Romaldo Guirgola: Quite a lot of us know about Mr Guirgola’s Canberra wigwam. Some of us even visited it when we went to see the Raiders play the Broncos. We think every city should make room for something really special – the Sydney Opera House, for example; Wellington’s Ferry Terminal … The voices were seduced somewhat by Mr Guirgola’s gentleness, which shows – we suppose – just how vulnerable we are to the manipulations of less conscientious architects. Mr Guirgola said the fear of death is the fear of losing memory. We love him for saying that. We would like all architects to remember it; except, of course, those amongst you who have already adjusted to your fear. Mr Guirgola also said that architects know nothing until they’re 50 years old. This had us contemplating the average age of those architects working in downtown Wellington, but we discovered no real correlation. We think that architectural senility may start at architecture schools. We think Mr Guirgola understands a little of our pain. Correspondingly, the barometer dropped a little, too. We’d like to give Mr Guirgola the Alan Bond Award for the smartest looking transmission mast in the Southern Hemisphere.

John Denton: Our collective nostril flared at the expected aroma of Australia, but we couldn’t detect a whiff of it. Mr Denton told us – perhaps unwittingly, but with some force – why it was that Australia couldn’t even contemplate pulling out of Anzus. The barometer remains the same. We offer Mr Denton the Norman Gunston Award for the most shaving cuts on a building’s facade.

Piers Gough: One of our voices is a librarian, an invaluable resource. She discovered, for example, that Piers Gough used to wear translucent green glasses allegedly pinched from Elton John … But more than that, she uncovered the following quotes from Mr Gough that we couldn’t have said better ourselves, so we’ll simply repeat them –

“Part of the delight in building is that one should enjoy things that other people like – not only the rarified scene of architects and their hangers-on, but even people like your grandmother.”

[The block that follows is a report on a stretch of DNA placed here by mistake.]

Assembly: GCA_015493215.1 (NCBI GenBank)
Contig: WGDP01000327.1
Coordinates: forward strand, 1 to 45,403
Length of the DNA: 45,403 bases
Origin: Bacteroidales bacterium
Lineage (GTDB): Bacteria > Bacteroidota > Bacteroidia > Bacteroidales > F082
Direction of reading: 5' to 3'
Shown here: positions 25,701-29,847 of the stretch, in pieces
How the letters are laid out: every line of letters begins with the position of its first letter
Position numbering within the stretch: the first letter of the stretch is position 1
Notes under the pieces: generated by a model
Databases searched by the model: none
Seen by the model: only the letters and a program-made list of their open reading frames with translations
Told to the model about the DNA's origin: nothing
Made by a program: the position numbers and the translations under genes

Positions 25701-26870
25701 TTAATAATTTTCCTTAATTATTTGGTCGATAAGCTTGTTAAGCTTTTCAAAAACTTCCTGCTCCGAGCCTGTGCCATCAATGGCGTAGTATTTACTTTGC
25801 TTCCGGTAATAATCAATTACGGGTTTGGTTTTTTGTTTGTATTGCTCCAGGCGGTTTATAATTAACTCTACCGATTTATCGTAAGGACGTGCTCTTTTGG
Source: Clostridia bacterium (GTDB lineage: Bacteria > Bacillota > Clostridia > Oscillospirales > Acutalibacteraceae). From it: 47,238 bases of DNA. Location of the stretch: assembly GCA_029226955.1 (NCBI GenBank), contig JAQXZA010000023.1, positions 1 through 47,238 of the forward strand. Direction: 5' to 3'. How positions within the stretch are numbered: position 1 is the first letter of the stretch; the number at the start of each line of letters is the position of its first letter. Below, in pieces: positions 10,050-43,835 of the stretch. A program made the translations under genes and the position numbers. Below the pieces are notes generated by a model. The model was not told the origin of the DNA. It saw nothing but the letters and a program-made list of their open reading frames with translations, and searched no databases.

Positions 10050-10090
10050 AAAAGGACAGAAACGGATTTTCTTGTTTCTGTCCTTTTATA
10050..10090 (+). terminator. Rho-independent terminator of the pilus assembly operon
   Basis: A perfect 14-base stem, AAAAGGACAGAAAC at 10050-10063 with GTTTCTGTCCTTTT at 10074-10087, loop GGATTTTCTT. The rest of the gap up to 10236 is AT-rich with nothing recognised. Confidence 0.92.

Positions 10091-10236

“There is no real interest in architecture until someone desires, or more crudely, lusts after it.” “It should not be impossible to be a respectable practitioner and design buildings that are overtly attractive.” And, perhaps the best of all –

“If it’s not nice, don’t do it.”

The barometer dropped. We decided we like Mr Gough because he seems to like us. We’d like to give him the Rowan Atkinson Award for pulling the most outrageous architectural faces.

Eugene Kahn: We’ve seen Mr Kahn’s America on television – the sun flashing off bronze glass in Dallas, and off John Davison’s teeth in That’s Incredible. We’ve seen it on poster·s in Travel Agent shops. Mr Kahn’s America is a reward for good behaviour and good luck. Mr Kahn’s America is somewhere you can go if you get all the right answers, quickly enough, on Sale of the Century. You’ve got to be quick, mind! America is all about winning. Mr Kahn, clearly, is winning. Sale of the Century is America in New Zealand. We’re a bit scared by our fascination with it. Mr Kahn’s buildings both scare and fascinate us. They are without scale; they could be models, ornaments on a mantelpiece. They could be carved out of soap. Mr Kahn’s America is not a real place at all, to us. It’s the fantasy frontier of the American Dream. And like all dreams, it excludes everything except its own indulgence. This is why there are so many nightmares on the street. The barometer rose alarmingly. We’d like to give Mr Kahn the Frank Sinatra Award for the most square feet.